Battle of Beaverdams

Battle Of Beaverdams: Questions and Answers

Questions to test your knowledge about one of the battles in the War of 1812. Copies of the book mark are available at the Library.

(1) Where did the Battle of Beaverdams occur?
“The crossroads is the approximate present intersection of Old Thorold Stone Road and Davis Road, and a key site in the Battle story. The consensus is that the Battle played out in and around Lots 13, 14, 15, 26, 27 and 28 – the four or six lots around the intersection – in Thorold Township.” (Niagara 1812: Battle of Beaverdams Thorold)

(2) In what year was the Battle fought in Thorold?
The battle was fought in 1813. (“Battle of Beaverdams: Story of Thorold’s Battle in the War of 1812” by Donald Keith Dewar).

(3) Who built DeCou House?
DeCou House was built by John DeCou (also spelled DeCew). The Georgian style house was built by Captain John DeCou early in the 19th century.

(4) What was stored at DeCou House?
Decou built a saw mill along Beaverdams Creek and later built a grist mill and a mill for extracting oil from linseed to provide supplies for Fort George. The house was used as a store and garrison for Brittish Troops. Lieutenant James FitzGibbon and a troop of volunteers took up residence at DeCew House.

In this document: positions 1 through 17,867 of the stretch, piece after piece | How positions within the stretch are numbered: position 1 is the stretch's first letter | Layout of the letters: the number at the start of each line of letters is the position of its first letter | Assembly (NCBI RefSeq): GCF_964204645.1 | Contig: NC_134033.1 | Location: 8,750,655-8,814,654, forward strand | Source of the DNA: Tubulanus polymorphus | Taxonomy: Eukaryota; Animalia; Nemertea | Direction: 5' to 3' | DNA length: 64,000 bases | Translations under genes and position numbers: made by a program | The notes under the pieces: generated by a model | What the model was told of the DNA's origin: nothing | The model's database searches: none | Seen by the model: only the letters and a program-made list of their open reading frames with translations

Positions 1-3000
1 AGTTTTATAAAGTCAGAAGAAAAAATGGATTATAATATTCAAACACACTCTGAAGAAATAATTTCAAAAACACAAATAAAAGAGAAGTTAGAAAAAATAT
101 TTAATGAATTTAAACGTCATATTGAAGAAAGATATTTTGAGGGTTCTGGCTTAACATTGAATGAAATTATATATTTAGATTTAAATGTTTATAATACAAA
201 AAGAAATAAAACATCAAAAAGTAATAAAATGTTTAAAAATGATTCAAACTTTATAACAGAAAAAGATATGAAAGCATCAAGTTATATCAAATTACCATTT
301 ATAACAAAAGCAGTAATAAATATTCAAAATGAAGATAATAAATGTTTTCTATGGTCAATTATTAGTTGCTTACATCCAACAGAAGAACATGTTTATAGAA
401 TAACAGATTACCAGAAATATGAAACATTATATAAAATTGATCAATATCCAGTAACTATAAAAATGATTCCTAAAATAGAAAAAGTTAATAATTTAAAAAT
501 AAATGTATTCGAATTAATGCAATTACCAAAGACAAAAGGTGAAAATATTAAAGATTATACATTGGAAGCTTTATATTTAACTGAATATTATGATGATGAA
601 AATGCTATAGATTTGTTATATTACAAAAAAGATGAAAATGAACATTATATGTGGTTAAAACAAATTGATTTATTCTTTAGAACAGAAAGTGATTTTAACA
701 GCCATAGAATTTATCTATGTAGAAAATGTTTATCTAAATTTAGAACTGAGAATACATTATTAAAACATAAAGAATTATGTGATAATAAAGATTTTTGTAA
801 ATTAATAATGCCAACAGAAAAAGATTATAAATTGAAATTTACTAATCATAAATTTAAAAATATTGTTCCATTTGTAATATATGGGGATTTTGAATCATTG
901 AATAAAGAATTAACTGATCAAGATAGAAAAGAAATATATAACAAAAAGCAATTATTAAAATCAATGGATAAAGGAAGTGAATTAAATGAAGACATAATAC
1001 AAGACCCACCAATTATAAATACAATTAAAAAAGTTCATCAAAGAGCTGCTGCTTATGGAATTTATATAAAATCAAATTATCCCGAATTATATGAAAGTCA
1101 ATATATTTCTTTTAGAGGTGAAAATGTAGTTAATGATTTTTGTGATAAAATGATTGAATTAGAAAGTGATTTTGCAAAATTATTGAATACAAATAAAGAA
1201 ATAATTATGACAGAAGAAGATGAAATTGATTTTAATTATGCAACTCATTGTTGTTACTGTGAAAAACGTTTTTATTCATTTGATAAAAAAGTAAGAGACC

(5) How did John and Laura learn of the Americans’ plan to attack DeCou House?
American officers entered the home of Laura and James Secord in Queenston, Ontario to demand a meal. Laura overheard their plan to capture FitzGibbon at Decou House.

(6) How many kilometers did Laura walk to warn the British?
Laura walked 4 kilometers to her relatives in St. Davids to speak with her relatives about what she had heard. She then walked 16 kilometers to Beaverdams where she followed the creek west to DeCou House. The last part of Laura’s journey along the creek through woods, fields and swamps was 11 kilometers. In total, Laura’s journey was 31 kilometers.

(7) Who accompanied Laura on part of her journey?
Since Laura’s brother was not at home, her niece accompanied her until she reached St. Catharines. They followed an old trail as they did not want to run into American scouts on patrol.

(8) Laura Secord warned which Lieutenant?
Laura warned Lieutenant James FitzGibbon of the 49th Regiment.

(9) To where did Laura walk?
To warn the British of the Americans plan, she needed to walk to DeCou House where the British store and garrison was located.

(10) Who led the American soldiers?
Colonel Boerstler led the American soldiers.

(11) Who kept watch for American activity?
450 First Nations made an encampment along the Ten Mile Creek Road on John Hoover’s farm. Some of these tribes include but are not limited to Mohawk and Six Nations.

(12) On to who’s field did the Americans retreat?
Boerstler called his troops together to make a frantic effort to escape through rail fences and into George Miller’s fields. 500 men sprinted across the farm toward Miller’s farmhouse and barn onto a farm laneway that led through the creek and up onto the side of Beaverdams Creek.

The information is from the following sources:
“Battle of Beaverdams: Story of Thorold’s Battle in the War of 1812” by Donald Keith Dewar (971.03 DEW).
“Decou House Monument” and “DeCew Young House” by Heritage Thorold
“1812: The War For Canada: A War with a Year Named After It” by Geoffrey Corfield (971.034 COR).
“The Battle of Beaverdams-June 24, 1813.”